12.) The Grand Budapest Hotel
Wes Anderson’s best film since The Royal Tenenbaums. It might not reveal itself on first glance as a masterpiece (at least it didn’t to me), but look again. You’ll laugh hysterically, obviously, but you’ll also realize what a perfect little history he’s developed over 100 minutes.



11.) Contagion
“By staying away from the familiar conventions of most thrillers, Steven Soderbergh’s Contagion manages to reach a level of believability and natural tension that I thought impossible out of a film like this.” (Click here for my full Contagion review.)



10.) Frances Ha
“Both Frances and Frances Ha are bright lights—unimpeachable bastions of optimism, big dreams, and enduring friendship, with some destructively doe-eyed perseverance thrown in for good measure.” (Click here for my full Frances Ha review.)



9.) Zero Dark Thirty
“Once Joel Edgerton, Chris Pratt, and the rest of Seal Team Six board their heli, the film becomes a masterclass in thrilling, you-are-there filmmaking. Their confusion is our confusion. The knots in their stomachs are the knots in our stomachs.” (Click here for my full Zero Dark Thirty review.)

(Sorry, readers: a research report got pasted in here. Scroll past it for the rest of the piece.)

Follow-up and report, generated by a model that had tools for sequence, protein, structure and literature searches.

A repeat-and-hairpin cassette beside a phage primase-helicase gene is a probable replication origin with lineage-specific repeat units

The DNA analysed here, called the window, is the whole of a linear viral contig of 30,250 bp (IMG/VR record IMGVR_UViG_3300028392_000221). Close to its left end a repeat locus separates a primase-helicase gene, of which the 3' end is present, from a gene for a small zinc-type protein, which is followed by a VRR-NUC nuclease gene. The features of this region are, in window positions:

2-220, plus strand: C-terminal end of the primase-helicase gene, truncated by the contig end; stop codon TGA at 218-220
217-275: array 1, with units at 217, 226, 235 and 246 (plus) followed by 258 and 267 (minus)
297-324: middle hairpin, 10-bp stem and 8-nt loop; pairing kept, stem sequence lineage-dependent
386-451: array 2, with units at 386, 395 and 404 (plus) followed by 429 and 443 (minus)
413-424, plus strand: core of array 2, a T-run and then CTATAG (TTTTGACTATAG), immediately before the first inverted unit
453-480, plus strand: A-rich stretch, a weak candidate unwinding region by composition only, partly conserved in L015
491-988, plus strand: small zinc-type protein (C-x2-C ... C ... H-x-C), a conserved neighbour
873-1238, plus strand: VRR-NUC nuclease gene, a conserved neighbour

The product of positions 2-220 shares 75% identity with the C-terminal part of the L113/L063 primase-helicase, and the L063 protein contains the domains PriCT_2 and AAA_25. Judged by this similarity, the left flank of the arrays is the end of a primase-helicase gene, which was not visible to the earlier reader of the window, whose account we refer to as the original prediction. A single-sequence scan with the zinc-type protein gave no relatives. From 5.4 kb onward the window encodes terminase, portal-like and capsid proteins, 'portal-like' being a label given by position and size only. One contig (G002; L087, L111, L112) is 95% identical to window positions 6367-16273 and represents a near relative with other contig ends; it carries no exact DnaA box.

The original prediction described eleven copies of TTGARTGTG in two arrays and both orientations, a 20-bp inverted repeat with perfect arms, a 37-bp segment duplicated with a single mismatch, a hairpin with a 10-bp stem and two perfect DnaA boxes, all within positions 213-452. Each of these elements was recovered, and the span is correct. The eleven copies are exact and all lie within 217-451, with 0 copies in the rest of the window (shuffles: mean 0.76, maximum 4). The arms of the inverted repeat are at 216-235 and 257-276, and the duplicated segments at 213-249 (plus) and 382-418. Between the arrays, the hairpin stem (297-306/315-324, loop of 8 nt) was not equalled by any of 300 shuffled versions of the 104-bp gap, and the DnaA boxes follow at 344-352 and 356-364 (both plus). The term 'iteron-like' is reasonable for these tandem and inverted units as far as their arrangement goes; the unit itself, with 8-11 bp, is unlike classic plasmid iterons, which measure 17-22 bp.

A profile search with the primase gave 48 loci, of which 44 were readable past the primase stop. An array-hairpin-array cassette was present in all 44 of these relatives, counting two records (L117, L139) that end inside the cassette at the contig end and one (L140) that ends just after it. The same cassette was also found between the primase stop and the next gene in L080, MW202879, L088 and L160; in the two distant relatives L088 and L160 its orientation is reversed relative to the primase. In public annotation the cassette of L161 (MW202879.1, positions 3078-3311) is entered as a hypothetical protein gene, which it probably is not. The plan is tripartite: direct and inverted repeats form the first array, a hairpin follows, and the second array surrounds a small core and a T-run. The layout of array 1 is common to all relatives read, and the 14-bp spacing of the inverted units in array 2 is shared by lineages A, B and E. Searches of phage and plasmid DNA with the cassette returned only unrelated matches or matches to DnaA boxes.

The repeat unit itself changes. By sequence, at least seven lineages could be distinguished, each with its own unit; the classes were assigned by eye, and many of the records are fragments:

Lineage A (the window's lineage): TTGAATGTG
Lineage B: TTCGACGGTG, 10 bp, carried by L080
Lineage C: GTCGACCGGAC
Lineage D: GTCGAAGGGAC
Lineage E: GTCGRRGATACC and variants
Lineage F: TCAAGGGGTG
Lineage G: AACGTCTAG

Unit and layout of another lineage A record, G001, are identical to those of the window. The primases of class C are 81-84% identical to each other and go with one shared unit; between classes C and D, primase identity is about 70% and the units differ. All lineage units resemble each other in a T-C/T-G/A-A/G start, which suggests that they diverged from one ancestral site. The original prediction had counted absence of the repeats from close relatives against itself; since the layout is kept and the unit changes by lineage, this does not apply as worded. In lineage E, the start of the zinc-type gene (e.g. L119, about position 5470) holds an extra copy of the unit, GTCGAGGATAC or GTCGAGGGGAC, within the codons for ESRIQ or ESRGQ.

8.) Toy Story 3
“Ultimately, what sets this film apart from most animated films is the attention the filmmakers pay to the emotions of the story. It very subtly brings you to the verge of tears. It never feels manipulative, and it doesn’t ring false whatsoever.” (Click here for my full Toy Story 3 review.)



7.) The Tree of Life
Arguably the film over the last five years that I have the most complicated relationship with. I STILL can’t totally get behind a good 30-40 minutes of the film (you know what I’m talking about), but the rest is spectacular, just spectacular. Brad Pitt, Jessica Chastain, Emmanuel Lubezki—that’s all you need to know.



6.) Moneyball
“Though the film (thankfully) doesn’t shy away from the nuts and bolts of building a successful baseball team, it’s ultimately about more than hits, home runs, trades, and general managers. It’s about a man sticking to his convictions. It’s also about the fickle nature of legacy, especially in sports.” (Click here for my full Moneyball review.)